This article looks at what manual handling is and the risks it exposes.
Author – Gina O’Connor
Manual handling covers a wide range of activities from lifting and lowering to pushing and pulling. The nature of the load itself doesn’t matter it could be a person or an animal or a sack or a box if you have to use your muscles then it’s manual handling and well, you’re in danger. Manual handling or to be correct incorrect manual handling is one of the most common causes of injury at work. It causes fatigue and injuries to the back neck shoulders arms and other body parts
There are two main types of injury that result from poor manual handling the first are the cuts bruises that you might get if there is a sudden unexpected event like an accident if you dropped what you were trying to carry for instance.
But the most likely type of injury is the one that creeps up on you over a longer period of time. Gradually damaging your body’s musculoskeletal system. That’s the muscles, tendons, ligaments bones, blood vessels, and nerves that make your body work. These injuries are called musculoskeletal disorders. They can be divided into three groups: neck and upper limb disorders lower limb disorders and back pain and back injuries. Back pain and back injuries are the most common musculoskeletal disorders caused by poor manual handling and there are significant and increasing problems right across Europe. About 25% of European workers say they suffer from back pain brought on by their work. It tops the list of all work-related disorders with people working in agriculture, construction, and transport, communicating the highest instance of reporting
Possible consequences of incorrect manual handling.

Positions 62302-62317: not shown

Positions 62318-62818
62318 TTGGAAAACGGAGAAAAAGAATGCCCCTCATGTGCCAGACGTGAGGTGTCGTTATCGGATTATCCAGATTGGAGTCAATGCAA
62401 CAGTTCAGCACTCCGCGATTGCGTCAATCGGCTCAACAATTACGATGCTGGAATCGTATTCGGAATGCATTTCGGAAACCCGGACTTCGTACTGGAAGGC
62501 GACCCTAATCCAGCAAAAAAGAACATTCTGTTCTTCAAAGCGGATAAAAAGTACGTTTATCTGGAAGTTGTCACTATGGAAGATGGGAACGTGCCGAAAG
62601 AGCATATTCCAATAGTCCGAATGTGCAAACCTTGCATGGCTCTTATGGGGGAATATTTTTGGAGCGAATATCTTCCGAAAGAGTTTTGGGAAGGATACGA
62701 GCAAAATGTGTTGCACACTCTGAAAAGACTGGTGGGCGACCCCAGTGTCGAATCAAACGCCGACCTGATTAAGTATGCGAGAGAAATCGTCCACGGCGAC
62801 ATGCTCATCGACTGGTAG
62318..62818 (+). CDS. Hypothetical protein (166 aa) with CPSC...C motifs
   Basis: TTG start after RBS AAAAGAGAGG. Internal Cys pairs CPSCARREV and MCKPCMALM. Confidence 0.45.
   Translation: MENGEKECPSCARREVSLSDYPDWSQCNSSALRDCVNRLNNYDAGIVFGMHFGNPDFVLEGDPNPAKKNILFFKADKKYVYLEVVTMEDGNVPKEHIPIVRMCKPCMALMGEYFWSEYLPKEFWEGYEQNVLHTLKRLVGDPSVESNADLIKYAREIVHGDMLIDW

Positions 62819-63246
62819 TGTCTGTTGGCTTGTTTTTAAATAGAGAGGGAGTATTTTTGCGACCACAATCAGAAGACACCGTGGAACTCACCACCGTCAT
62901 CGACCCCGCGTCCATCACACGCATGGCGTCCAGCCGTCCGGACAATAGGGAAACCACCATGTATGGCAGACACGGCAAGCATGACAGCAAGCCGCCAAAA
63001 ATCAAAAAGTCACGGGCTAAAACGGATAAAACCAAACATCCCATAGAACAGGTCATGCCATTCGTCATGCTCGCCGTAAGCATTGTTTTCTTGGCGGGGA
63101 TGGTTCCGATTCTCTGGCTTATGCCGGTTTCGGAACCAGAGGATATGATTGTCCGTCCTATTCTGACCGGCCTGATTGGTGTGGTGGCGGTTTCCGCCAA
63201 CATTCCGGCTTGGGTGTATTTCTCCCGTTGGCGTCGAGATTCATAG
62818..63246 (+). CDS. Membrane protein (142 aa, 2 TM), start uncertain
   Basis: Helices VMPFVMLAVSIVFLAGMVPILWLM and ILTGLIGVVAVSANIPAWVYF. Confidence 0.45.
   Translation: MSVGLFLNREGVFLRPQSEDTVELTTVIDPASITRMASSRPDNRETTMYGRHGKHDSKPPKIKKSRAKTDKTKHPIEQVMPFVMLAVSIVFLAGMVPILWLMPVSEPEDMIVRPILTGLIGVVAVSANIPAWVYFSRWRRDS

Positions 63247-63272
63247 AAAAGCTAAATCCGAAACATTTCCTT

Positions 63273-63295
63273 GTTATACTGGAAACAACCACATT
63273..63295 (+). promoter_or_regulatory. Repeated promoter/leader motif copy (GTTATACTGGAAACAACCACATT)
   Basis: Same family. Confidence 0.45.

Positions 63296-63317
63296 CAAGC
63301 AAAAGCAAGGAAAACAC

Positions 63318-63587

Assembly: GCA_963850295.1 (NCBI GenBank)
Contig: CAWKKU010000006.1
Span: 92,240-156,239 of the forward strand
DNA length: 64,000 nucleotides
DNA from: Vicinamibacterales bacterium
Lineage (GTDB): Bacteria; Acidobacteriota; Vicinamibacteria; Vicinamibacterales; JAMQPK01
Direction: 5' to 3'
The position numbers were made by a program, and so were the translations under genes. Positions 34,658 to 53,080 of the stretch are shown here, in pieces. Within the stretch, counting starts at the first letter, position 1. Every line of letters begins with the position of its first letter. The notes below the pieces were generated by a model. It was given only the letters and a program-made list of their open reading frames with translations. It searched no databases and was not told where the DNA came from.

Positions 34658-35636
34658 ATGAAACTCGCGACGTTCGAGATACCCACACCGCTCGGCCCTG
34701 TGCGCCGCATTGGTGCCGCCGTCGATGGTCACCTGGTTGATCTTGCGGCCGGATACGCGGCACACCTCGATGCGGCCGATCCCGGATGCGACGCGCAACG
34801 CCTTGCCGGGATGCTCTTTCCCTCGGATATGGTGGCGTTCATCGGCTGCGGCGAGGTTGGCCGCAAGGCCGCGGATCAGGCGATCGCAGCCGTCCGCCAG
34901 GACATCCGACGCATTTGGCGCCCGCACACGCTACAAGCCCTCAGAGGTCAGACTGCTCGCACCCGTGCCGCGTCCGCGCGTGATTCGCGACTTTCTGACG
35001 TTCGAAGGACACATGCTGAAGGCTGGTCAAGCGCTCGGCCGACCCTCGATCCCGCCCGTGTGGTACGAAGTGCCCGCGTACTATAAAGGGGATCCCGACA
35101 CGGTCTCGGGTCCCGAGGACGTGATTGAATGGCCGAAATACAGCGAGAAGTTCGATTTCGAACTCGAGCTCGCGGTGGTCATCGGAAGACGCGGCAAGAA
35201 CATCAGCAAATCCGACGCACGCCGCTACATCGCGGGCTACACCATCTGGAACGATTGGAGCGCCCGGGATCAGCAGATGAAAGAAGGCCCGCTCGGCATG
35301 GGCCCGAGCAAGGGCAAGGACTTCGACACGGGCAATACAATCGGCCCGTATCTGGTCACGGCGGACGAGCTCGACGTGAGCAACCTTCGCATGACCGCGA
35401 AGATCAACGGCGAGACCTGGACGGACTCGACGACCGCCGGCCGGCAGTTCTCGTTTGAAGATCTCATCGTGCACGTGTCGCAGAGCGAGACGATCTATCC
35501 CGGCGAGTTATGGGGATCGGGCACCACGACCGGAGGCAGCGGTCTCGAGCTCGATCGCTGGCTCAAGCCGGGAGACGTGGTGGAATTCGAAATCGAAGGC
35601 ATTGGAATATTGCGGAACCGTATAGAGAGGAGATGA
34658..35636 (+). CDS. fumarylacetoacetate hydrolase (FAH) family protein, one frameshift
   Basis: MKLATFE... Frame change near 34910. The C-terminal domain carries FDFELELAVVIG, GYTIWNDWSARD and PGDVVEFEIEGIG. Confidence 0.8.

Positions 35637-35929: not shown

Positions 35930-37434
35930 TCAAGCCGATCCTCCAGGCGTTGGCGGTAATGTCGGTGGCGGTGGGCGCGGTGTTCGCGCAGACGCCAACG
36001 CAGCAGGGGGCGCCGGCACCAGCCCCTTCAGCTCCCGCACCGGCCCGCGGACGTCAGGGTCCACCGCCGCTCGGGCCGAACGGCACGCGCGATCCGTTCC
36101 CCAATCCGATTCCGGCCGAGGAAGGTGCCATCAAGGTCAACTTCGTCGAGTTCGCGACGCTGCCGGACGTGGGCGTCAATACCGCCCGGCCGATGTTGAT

You might think that a bad back is one of those things but chronic back pain is crippling and can affect every aspect of your life. Lower back disorders can have serious consequences. They may restrict what you can do in both work and leisure for the rest of your life.
It’s important to acknowledge that some jobs and industries are more at risk than others so special care needs to be taken. The construction industry, for example, has a far higher rate of back disorder than average occupations. Where you need to take special care such as health professionals particularly in hospitals skilled trades especially in construction and building and service occupations that provide personal care. Similarly, some people naturally have to take more care. New and expectant mothers and older workers should be particularly careful. Anyone returning to work after an illness, or a new starter, or anyone unfamiliar with the tasks can be at risk. Many of these groups might try to manually handle something in an inappropriate way and risk serious injury or pain. You also have to take into account your own size and physical condition. Manual handling is not a competition, so if a load is too large or unwieldy don’t risk injury by trying to handle it alone
Understanding basic anatomy as a starting point for basic back disorders is really quite straightforward. The back has four natural curves, the muscles and joints in the back receive the least strain in an upright posture that maintains the natural curves. If you can maintain these natural curves while manual handling you can minimise the risk of damaging your body. It may look funny but one way of ensuring you keep these natural curves is to stick your bottom out. If you’ve ever seen professional weight lifters on the TV, you’ll see them do this. It’s because the bottom has the biggest muscle in the body, the gluteus maximus so when you’re sticking out your bottom you’re effectively setting out a counterbalance. You can then keep your back still and use your legs to lift or lower the load. Another safe manual handling technique is to keep the load you’re handling as close to your body as possible and to avoid twisting, turning, or bending your back. Don’t let it become a pain in the neck.
So manual handling is anything you do to move an object without the aid of machinery or equipment.
It’s the most common cause of injury at work with your back in particular most at-risk. Chronic pain and back disorders can seriously restrict your work and leisure activities for the rest of your life.
To minimise the risks, remember to keep your back in its natural position while manually handling a load and try to take the strain with your legs like a weightlifter most important of all don’t tackle any load that is too heavy or unwieldy. For a free trial of our training click here.